No rest for the industrious: Memtech chief won't sit still

Mr Chuang says that although he is old, he cannot slow down. "I need to keep up with what's happening in the industry. I firmly believe that learning is a lifelong endeavour."
Mr Chuang says that although he is old, he cannot slow down. "I need to keep up with what's happening in the industry. I firmly believe that learning is a lifelong endeavour."PHOTO: MEMTECH

Chuang Wen Fu is not a man to sit still - even at 70.

The diminutive executive chairman of Singapore Exchange-listed electronic components maker Memtech International gets a kick out of meeting challenges head on.

"I enjoy solving problems," the Taiwan-born Mr Chuang said in Mandarin. "I'm glad I helped the company adapt to changing trends, and that it's still standing today."

Mr Chuang, who has a diploma in survey engineering from Taiwan's Tamkang University, moved to Singapore in the early 1980s to join San Teh, an SGX-listed keypad components maker.

San Teh, which switched to manufacturing cement in 1996, was forced to sell its keypad business three years later to New York Stock Exchange-listed ITT Corp when cement prices crashed. Mr Chuang was given a three-year contract to help ITT integrate the acquisition and meet specific revenue and profit targets. But Mr Chuang became restless. "I could see big opportunities in the keypad market, particularly for mobile phones, which were starting to take off."

Some former colleagues established a small business - Memtech - to make keypads, and he joined them a year later.

Memtech's revenues grew steadily, driven by demand for keypads from Chinese mobile phone makers. Memtech listed on the SGX mainboard in 2004. At the time, the company derived 80 per cent of its sales from supplying keypads to mobile phone makers like Nokia and Sony Ericsson.

It was smooth sailing, apart from a few hiccups - in 2007, when labour costs in China surged, and again in 2009, when the industry was roiled by the global financial crisis. The latter's impact on the company was relatively mild, since it had sufficient cash reserves.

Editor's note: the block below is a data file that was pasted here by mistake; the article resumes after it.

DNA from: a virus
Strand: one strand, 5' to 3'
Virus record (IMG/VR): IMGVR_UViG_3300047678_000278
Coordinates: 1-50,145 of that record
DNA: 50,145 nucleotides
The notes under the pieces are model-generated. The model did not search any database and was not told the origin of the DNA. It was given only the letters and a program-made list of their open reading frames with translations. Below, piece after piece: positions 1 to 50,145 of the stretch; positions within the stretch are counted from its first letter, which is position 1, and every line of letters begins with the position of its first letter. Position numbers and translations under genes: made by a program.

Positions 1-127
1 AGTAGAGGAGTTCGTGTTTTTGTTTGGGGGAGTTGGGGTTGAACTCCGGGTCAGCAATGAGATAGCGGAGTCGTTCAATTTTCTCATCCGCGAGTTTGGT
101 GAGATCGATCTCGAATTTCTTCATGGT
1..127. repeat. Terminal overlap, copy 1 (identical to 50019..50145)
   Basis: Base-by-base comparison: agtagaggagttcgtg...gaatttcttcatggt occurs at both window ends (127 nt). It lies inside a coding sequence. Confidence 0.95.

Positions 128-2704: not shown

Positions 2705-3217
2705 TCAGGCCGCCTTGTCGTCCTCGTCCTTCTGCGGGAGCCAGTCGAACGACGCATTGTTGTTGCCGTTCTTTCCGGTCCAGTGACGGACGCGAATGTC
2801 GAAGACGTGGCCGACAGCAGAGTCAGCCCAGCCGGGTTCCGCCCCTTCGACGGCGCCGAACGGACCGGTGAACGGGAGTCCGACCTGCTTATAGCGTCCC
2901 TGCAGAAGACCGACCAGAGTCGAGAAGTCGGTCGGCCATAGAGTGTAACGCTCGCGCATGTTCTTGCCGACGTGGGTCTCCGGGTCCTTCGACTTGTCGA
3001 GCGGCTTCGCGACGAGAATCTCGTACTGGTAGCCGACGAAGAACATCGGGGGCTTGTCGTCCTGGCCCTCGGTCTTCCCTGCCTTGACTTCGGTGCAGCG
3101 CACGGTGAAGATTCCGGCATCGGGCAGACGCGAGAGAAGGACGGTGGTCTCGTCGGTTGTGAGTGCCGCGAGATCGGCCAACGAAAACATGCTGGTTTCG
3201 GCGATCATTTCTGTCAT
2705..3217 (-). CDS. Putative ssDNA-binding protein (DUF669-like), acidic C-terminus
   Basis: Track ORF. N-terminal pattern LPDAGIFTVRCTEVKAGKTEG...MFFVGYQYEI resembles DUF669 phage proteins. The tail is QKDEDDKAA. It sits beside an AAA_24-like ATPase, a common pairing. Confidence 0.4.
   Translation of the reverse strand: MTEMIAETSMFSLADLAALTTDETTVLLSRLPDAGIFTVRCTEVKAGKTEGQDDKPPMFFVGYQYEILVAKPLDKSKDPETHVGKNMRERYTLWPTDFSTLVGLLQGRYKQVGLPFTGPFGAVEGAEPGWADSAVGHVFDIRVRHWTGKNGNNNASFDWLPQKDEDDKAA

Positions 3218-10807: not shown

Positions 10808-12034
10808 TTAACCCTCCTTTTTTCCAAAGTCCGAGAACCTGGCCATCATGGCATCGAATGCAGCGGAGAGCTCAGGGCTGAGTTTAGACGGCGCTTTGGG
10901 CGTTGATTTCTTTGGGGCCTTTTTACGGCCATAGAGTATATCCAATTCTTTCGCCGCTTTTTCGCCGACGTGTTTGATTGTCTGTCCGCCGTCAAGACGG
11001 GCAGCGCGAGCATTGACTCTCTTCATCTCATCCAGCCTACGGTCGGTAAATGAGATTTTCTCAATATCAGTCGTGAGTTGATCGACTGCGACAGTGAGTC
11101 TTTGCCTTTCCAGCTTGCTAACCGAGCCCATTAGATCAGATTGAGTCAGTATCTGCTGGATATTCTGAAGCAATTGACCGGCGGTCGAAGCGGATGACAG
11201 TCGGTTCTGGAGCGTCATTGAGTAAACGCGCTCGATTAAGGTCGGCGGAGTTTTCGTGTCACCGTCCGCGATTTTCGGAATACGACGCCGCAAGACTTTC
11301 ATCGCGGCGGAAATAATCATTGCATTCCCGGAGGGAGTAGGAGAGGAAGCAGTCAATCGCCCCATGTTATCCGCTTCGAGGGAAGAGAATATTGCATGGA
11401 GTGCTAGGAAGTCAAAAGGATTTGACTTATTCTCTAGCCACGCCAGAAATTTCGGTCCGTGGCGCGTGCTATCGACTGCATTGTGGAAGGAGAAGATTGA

The real blow fell in 2011, with the dawn of the smartphone revolution, when touchscreens overtook keypads.

Memtech's management team cudgelled their brains to turn the company around - revamping its business model and using existing factory equipment to diversify into new revenue streams.

The company turned first to the banking sector, as automated teller machines and point-of-sales systems required precise input from mechanical keypads, which touchscreens could not provide.

But opportunities in banking were limited, so it switched its attention to the auto industry.

"Touchscreens are used in car entertainment systems, but mechanical keypads are critical in other components, such as safety equipment," Mr Chuang said. "It requires 0.03 second to input data using a mechanical keypad, but for a touchscreen, it takes 0.05 second. So we decided to focus on the auto industry for our future."

Memtech qualified as a supplier of automotive components within two years, quicker than the usual timeframe of three to five years. That decision proved to be a game- changer - its revenues and profits rebounded shortly after, in 2013.

The company has a market capitalisation of about $90 million. Between 2004 and 2015, it averaged annual revenues of US$114.7 million (S$155 million) and gross profits of US$23.6 million. It reported net losses in two of those 12 years.

Memtech derives about 40 per cent of its revenues from automotive, 27 per cent from consumer electronics, 24 per cent from telecommunications, and 8 per cent from industrial and medical. It has manufacturing sites in China - Dongguan, Kunshan and Nantong - totalling nearly 182,000 sq m. It services auto suppliers like Hella, Magna, Lear, Denso and Kostal, as well as car manufacturers such as Ford, Volkswagen and Nissan. It also has long-term relationships with Huawei, Lenovo, Samsung Electronics, Foxconn and Celestica.